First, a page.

KEARNEY — The University of Nebraska at Kearney is expected to announce construction soon of a university engagement center for its University Village project, taking another step toward turning a vast field of alfalfa into business offices, town houses and condos, shops and restaurants.
Joe Johnson, a business consultant for the Olsson engineering firm, told the Omaha World-Herald that Olsson officials “definitely have an interest” in the center, which is envisioned as a space for meetings and community events, businesses and state offices.
“Nothing’s official,” Johnson said of any commitment to University Village. However, he said, Olsson officials think University Village “is a great space, and the potential for it is just huge for greater Nebraska.”
So far only two university buildings have been built on the 104 acres (42 hectares).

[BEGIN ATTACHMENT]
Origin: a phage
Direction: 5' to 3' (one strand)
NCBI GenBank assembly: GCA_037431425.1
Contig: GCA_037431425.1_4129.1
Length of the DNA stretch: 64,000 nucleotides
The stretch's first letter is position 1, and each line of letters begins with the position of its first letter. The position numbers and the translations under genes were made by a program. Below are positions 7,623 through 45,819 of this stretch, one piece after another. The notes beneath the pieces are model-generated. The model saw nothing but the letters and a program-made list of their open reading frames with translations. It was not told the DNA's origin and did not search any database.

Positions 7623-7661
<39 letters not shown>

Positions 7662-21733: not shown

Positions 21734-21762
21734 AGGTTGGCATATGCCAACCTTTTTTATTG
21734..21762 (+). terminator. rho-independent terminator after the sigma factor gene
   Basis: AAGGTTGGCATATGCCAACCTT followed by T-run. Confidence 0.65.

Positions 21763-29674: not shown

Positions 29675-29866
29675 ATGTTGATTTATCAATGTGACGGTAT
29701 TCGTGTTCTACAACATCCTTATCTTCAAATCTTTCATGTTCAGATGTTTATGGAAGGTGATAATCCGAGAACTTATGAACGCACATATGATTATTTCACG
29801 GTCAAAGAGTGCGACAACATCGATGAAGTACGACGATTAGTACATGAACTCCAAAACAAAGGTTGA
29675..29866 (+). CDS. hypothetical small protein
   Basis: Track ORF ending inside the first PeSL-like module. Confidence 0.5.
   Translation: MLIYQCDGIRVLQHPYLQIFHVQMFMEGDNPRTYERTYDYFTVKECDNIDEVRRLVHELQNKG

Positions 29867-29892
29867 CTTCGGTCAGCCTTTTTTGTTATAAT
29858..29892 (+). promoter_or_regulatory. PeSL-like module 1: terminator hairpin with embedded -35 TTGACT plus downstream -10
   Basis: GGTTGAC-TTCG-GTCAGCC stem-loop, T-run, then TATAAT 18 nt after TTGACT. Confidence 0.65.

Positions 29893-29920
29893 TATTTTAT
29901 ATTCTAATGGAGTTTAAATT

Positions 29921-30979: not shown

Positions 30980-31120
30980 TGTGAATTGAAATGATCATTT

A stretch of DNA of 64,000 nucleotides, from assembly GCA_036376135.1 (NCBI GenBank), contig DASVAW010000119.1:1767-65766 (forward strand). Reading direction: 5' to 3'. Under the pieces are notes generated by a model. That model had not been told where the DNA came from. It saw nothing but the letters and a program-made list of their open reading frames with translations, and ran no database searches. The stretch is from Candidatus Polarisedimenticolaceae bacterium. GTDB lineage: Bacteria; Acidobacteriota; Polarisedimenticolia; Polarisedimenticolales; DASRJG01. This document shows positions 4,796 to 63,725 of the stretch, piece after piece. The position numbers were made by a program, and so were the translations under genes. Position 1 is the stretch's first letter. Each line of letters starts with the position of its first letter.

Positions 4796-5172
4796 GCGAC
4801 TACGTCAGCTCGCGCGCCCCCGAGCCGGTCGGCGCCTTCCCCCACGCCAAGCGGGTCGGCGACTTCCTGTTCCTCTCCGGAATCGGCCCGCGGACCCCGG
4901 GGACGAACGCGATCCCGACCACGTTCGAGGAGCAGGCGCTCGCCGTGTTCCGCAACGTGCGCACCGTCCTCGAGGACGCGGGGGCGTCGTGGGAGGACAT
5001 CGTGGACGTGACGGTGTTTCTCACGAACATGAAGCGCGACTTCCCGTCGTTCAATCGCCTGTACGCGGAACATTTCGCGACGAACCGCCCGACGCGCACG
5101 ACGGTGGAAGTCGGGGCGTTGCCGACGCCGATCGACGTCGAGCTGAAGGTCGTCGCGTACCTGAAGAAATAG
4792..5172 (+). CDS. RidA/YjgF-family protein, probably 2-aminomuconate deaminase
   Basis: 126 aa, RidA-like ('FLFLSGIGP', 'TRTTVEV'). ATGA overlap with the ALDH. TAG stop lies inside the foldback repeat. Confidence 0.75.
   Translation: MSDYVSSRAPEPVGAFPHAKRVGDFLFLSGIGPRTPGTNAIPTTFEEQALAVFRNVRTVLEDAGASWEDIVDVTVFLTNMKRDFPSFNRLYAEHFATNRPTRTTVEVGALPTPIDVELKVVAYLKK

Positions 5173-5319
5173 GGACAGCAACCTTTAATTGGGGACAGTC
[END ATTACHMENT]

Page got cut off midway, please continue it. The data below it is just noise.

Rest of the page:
“This is not a two-year project,” university Chancellor Doug Kristensen said during a recent tour of the area. The idea for University Village came out of a university system brainstorming session a few years ago. It’s expected to grow as its future public-private partnerships flourish. As the stream of state money for higher education slows in Nebraska and other states, officials have said, schools know the major projects of the future will require private partners.
Aksarben Village in Omaha shows how a college and companies live side by side and can support each other.
Besides a park, restaurants and movie theater, Aksarben Village contains offices of major employers such as Pacific Life, HDR Inc., Blue Cross Blue Shield of Nebraska, Green Plains ethanol and Olsson.
To the north are Mammel Hall for University of Nebraska at Omaha business programs and the Peter Kiewit Institute, which houses the school’s information and technology programs.
The presence of so many business opportunities “allows us to extend the boundaries of education well beyond the classroom,” said university business dean Louis Pol. Businesses can use the university for leadership training or use Mammel Hall to conduct their own training programs, he said.